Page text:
Tests move Aerion toward supersonic business jet
Aerion, based in Reno, Nev., is at Booth No. 6202 in NBAA exhibit Hall C to describe preliminary results from the latest round of flight tests of a NASA F-15B on the road to what it envisions as the worlds’ first supersonic business jet (SBJ).
The tests during July and August in collaboration with NASA’s Dryden Flight Research Center achieved a top speed of Mach 2.0. The flights at Edwards AFB, Calif., marked the latest milestone in preliminary engineering activities directed toward a design capable of cruise speeds up to Mach 1.6 Dr. Richard Tracy, Aerion’s chief technology officer, is in Atlanta to provide details on the tests and explain the video being presented at the Aerion booth which documents the five-flight test series. Tracy has collaborated with NASA on supersonic natural laminar flow flight research since the early 1990s, and the Aerion research team has conducted supersonic flight tests with NASA since 1999. “Future tests will evaluate supersonic boundary layer transition properties as they relate to manufacturing standards for surface quality and assembly tolerances, both of which are crucial to future production of Aerion’s supersonic business jet,” said Tracy.
Using upgraded infrared digital imagery, Aerion and NASA have begun a two-phase program, the first structured to better understand and document the flow field beneath the NASA flight test F-15B, to which various test articles were attached. The flights measured pressures to be used in wing performance computations, calculate shock fields around the engine inlet and determine means of compensation. Flight data is being compared with an SBJ computational model.
The next test series, planned to begin in the second quarter of next year, will deal with the effect of wing surface imperfections on laminar flow and its transition to turbulent boundary layer flow. Emphasis will be on the interaction of surface defects and airflow to quantify permissible surface imperfections in manufacturing and operations. A device incorporating SBJ wing section elements will be mounted beneath the flight test aircraft.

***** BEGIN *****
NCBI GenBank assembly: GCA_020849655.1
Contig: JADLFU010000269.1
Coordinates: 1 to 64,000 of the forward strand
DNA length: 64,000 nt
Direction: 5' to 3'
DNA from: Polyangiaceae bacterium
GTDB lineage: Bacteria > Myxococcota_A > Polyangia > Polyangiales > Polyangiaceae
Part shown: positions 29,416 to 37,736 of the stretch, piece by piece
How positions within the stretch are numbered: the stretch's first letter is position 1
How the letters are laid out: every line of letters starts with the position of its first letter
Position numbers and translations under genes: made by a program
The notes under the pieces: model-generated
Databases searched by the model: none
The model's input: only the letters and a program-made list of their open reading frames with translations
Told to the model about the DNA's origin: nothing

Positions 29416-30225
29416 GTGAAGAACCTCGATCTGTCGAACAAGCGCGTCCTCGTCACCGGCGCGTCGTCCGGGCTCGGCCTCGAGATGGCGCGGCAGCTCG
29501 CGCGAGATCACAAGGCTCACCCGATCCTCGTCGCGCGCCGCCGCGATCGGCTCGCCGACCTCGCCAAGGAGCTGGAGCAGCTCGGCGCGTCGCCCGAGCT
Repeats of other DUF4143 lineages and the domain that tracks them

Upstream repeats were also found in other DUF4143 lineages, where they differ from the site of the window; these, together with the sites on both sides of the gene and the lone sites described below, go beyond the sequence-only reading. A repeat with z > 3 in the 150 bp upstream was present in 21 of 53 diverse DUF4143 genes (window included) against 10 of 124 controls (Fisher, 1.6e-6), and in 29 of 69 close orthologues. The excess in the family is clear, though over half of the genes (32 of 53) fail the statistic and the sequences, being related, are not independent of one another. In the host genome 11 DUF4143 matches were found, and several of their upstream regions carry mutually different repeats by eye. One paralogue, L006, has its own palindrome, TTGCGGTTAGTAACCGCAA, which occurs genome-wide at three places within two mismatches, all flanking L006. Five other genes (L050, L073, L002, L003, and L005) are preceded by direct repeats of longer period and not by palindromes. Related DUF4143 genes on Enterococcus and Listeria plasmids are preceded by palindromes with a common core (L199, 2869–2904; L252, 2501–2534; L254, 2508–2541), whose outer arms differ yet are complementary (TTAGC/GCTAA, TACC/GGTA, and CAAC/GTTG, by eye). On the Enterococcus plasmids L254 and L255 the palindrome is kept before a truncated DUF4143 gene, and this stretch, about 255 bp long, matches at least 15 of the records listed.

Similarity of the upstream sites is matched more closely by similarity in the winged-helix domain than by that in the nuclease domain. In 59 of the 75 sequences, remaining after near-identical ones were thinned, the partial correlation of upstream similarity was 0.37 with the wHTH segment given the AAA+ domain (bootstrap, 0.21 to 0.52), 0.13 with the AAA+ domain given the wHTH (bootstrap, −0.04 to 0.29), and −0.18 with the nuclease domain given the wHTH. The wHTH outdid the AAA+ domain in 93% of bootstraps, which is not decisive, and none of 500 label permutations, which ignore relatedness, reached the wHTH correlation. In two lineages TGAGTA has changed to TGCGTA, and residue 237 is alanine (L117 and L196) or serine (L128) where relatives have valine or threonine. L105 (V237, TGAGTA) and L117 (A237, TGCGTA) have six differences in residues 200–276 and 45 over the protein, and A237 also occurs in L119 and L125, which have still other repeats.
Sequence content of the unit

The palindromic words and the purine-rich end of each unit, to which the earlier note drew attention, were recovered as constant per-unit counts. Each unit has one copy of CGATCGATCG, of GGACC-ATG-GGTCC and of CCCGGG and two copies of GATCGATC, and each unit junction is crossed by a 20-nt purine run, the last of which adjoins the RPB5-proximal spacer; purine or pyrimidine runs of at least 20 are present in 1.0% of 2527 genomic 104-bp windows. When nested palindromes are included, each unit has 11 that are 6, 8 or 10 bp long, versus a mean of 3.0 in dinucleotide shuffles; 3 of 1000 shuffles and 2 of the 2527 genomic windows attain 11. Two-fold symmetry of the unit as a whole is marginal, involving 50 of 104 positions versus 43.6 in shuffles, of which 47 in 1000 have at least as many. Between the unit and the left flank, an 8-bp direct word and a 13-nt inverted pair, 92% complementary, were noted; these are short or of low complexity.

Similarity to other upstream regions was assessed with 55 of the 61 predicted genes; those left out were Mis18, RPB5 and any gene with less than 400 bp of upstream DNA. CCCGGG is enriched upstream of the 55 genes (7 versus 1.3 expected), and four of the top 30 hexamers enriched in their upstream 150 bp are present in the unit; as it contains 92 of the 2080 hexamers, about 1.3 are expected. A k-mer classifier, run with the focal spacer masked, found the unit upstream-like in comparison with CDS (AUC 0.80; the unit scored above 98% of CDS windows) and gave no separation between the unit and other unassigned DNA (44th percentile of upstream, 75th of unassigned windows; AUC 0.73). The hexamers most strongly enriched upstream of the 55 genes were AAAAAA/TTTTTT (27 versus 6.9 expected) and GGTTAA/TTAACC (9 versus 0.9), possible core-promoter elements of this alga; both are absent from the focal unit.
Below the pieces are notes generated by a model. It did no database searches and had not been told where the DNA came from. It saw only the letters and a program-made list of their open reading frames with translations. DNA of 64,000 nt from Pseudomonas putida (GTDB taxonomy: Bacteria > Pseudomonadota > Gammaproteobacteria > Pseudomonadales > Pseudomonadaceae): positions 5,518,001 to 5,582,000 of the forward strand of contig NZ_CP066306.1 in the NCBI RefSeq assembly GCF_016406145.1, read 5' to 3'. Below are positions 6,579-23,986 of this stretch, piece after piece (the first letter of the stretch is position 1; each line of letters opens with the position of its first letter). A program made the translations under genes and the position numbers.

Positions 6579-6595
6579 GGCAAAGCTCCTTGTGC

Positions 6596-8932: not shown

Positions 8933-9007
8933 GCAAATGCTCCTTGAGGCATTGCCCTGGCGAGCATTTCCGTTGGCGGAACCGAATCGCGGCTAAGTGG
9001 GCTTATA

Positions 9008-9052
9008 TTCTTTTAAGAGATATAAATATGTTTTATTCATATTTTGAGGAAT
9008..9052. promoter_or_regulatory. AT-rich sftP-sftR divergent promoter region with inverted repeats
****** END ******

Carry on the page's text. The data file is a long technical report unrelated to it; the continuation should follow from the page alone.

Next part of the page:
Final SBJ wing design will follow Phase Two flight tests, using laminar flow data from wind tunnel sessions refined by in-flight test measurements. Tracy said the design goal is to minimize cross-flows over most of the wing and avoid premature laminar-to-turbulent boundary layer flow transition.
Aerion’s SBJ, designed to carry eight to 12 passengers efficiently at high subsonic as well as supersonic speeds, has attracted letters of intent for roughly 50 aircraft with accompanying $250,000 deposits for the $80 million aircraft, all held in escrow. This $4 billion order book has remained relatively constant despite recent economic volatility, said Doug Nichols, Aerion’s chief financial officer.
He added that the company is engaged in ongoing talks with business aviation airframe companies as it seeks to negotiate a joint venture with a major OEM. Discussions regarding technical feasibility and commercial viability are ongoing with several prospective partners, Nichols said. He estimated that aircraft deliveries would begin five to six years from the formation of a joint venture that would achieve the rest of SBJ development, production, certification, sales and support. “We’re making progress, and we’re encouraged. We’ve made it clear that our design is compatible with current noise and environmental standards.” He added that a major Aerion design selling point is that the SBJ will economically operate at high subsonic airspeeds as well as flying at up to Mach 1.15 without sending a sonic boom to the surface. “That flexibility of operation is a huge plus for us.”
Nichols emphasized that while the possibility exists for future approval of supersonic flight over the U.S., the Aerion SBJ business model does not depend on it for economic viability and assumes conformity with Stage 4 noise and all other present environmental regulations. Nichols and Tracy agreed that a hurdle greater than sonic boom at cruise is noise in the takeoff environment. This stems from the fact that current quiet, high-bypass turbofan engines are not compatible with supersonic flight. Tracy said Aerion is looking at a Pratt & Whitney JT8D-19 variant that has potential for supersonic operation while meeting Stage 4 noise levels.
Results from this summer’s initial series of data flights aboard NASA’s F-15B have been analyzed by comparing static pressures recorded at 60 points at varying speeds and altitudes with those predicted by aircraft computer models, Tracy explained. Engine inlet parameters are included in the model and adjustable to achieve the best fit with the measured pressures.
“This process has been completed and the design of a test article to be used in the next series is well along,” he said. Design goals include achieving the maximum extent of supersonic laminar flow, confirmation of its robustness under realistic conditions and quantifying cross-flow pressure gradients. When the aerodynamic optimization of the new test article has been completed, aerio will carry out mechanical design and fabrication to NASA flight test criteria. Then, after NASA ground and flight qualification, the second phase of the tests will commence.
Aerion was formed in 2002 to reintroduce commercial supersonic flight. It emerged from an advanced engineering group that began work more than 20 years ago. Its current focus is design of a practical and efficient supersonic business jet employing patented natural laminar flow technology. Aerion’s board includes Brian Barents, former president and CEO of Galaxy Aerospace and Learjet; Tracy, who has pioneered the supersonic natural laminar wing concept; and COO Michael Henderson, Boeing’s former program manager for high-speed civil transport.